But it’s not all doom and gloom for oil companies.
The tight market has encouraged majors to streamline their operations to focus on exploiting their most cost-efficient assets while getting cash from the sale of valuable, but noncore, oil plays. And that is producing some good buying opportunities for other majors too.
Case in point, Anadarko Petroleum has just agreed to buy Freeport-McMoRan’s deepwater Gulf of Mexico properties for $2 billion and up to $150 million in contingent payments. Already a strong player in the Gulf of Mexico, the purchase adds to Anadarko’s portfolio, while freeing up cash for the Freeport-McMoRan group (which is also facing financial struggles in the copper market) to spend elsewhere.
Assets being sold include a 100% working interest in the Holstein, Horn Mountain, Marlin, Dorado and King fields; a 50% working interest in the Phobos discovery; a 33.3% working interest in the Hoover field; and a 31% working interest in the Ram Powell field, among others. This inventory includes interests in 16 prospects and 154 undeveloped well locations. In particular, the purchase will boost Anadarko’s presence in the deepwater sector of the Gulf of Mexico, primarily the Lucius development, lifting its holding to 49%.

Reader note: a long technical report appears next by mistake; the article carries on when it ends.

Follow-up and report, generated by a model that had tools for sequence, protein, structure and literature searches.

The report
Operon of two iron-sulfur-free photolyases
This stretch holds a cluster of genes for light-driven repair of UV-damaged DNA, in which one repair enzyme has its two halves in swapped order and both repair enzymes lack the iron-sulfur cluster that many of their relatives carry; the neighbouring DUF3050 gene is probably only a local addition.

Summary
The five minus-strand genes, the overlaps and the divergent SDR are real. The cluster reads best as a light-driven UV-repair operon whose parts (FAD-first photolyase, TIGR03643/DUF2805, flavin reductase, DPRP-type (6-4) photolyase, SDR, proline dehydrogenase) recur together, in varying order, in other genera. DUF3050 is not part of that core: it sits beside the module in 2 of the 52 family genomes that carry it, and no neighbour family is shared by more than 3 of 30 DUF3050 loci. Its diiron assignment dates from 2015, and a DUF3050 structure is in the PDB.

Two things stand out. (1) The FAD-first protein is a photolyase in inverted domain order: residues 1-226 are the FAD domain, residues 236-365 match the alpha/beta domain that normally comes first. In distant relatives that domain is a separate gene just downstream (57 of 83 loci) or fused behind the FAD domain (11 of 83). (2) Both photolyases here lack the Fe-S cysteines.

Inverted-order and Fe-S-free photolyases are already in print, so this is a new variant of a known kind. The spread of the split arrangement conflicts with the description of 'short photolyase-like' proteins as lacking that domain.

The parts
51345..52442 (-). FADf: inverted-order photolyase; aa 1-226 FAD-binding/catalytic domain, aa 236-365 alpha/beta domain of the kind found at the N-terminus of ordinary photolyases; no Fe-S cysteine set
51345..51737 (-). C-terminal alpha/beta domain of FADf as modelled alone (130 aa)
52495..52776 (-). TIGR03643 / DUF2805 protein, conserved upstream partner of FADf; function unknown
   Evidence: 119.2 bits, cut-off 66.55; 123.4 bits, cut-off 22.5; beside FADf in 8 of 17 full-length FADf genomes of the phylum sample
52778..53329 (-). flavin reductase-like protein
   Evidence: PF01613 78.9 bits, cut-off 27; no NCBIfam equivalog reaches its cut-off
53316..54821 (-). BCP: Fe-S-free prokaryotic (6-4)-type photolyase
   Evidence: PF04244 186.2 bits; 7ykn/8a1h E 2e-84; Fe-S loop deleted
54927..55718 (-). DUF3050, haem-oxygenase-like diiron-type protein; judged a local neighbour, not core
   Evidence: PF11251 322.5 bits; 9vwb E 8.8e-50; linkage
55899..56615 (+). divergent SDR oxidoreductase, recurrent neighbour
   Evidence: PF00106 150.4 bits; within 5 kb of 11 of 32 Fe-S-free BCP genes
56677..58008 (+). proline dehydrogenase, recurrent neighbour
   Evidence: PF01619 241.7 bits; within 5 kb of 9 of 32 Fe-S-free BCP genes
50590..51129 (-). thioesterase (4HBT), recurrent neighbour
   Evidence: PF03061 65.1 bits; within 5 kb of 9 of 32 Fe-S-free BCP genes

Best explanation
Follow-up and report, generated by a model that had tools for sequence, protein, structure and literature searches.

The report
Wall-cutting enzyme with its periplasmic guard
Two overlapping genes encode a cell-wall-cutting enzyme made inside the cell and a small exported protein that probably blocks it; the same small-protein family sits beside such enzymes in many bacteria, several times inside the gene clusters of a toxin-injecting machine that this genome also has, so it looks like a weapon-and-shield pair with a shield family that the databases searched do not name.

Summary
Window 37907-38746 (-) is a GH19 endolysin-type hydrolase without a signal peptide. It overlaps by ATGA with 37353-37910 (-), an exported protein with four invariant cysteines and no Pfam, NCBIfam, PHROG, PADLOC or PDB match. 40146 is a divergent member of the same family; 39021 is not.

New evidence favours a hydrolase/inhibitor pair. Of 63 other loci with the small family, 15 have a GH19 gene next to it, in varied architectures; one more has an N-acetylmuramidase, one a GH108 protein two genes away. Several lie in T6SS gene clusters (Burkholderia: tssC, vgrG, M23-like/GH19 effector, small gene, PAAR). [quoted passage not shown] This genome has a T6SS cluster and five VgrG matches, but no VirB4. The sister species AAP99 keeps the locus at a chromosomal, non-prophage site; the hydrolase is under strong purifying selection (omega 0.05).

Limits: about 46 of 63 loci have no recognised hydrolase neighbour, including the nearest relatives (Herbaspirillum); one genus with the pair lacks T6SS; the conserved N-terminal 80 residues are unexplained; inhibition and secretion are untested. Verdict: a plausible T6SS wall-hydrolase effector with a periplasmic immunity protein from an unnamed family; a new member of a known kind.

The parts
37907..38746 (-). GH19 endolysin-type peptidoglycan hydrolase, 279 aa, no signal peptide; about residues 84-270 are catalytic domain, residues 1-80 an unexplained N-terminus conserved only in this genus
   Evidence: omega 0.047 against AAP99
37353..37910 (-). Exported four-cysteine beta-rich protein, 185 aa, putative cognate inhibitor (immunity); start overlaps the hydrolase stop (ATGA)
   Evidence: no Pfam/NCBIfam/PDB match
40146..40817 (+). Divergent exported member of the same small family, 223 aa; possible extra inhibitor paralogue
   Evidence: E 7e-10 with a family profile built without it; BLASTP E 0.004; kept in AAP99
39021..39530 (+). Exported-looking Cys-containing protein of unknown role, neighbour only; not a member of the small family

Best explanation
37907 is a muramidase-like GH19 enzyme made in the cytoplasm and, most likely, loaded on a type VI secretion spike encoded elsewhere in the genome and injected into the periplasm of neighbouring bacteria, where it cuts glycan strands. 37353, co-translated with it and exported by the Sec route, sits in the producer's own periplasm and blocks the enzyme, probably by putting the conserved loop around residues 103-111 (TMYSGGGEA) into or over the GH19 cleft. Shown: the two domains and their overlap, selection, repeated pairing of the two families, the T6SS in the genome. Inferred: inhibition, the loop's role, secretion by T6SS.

The deal should expand Anadarko’s production by 80,000 net barrels of oil equivalent per day to 155,000 barrels, more than 85% of which will be oil. It should also result in incremental free cash-flow gains of some $3 billion over the next five years.
The acquisition also reveals that while the current oil-price-in-the-$40s environment is crimping the expansion of oil activities, oil majors put away plenty of money in the bank during the times (just a few years ago) when oil prices topped $100 a barrel. That cash is now available for snapping up bargains, even as large as $2 billion, like this one.
British editorial veteran Stuart Hampton has been covering oil and gas companies for Hoover’s since the Neogene-Quaternary period. Well, actually, since the early 1990s. For the best overview of the oil industry and its history, he recommends Peter Doran’s “Breaking Rockefeller” and Daniel Yergin’s “The Prize.” You can also follow Stuart on Twitter.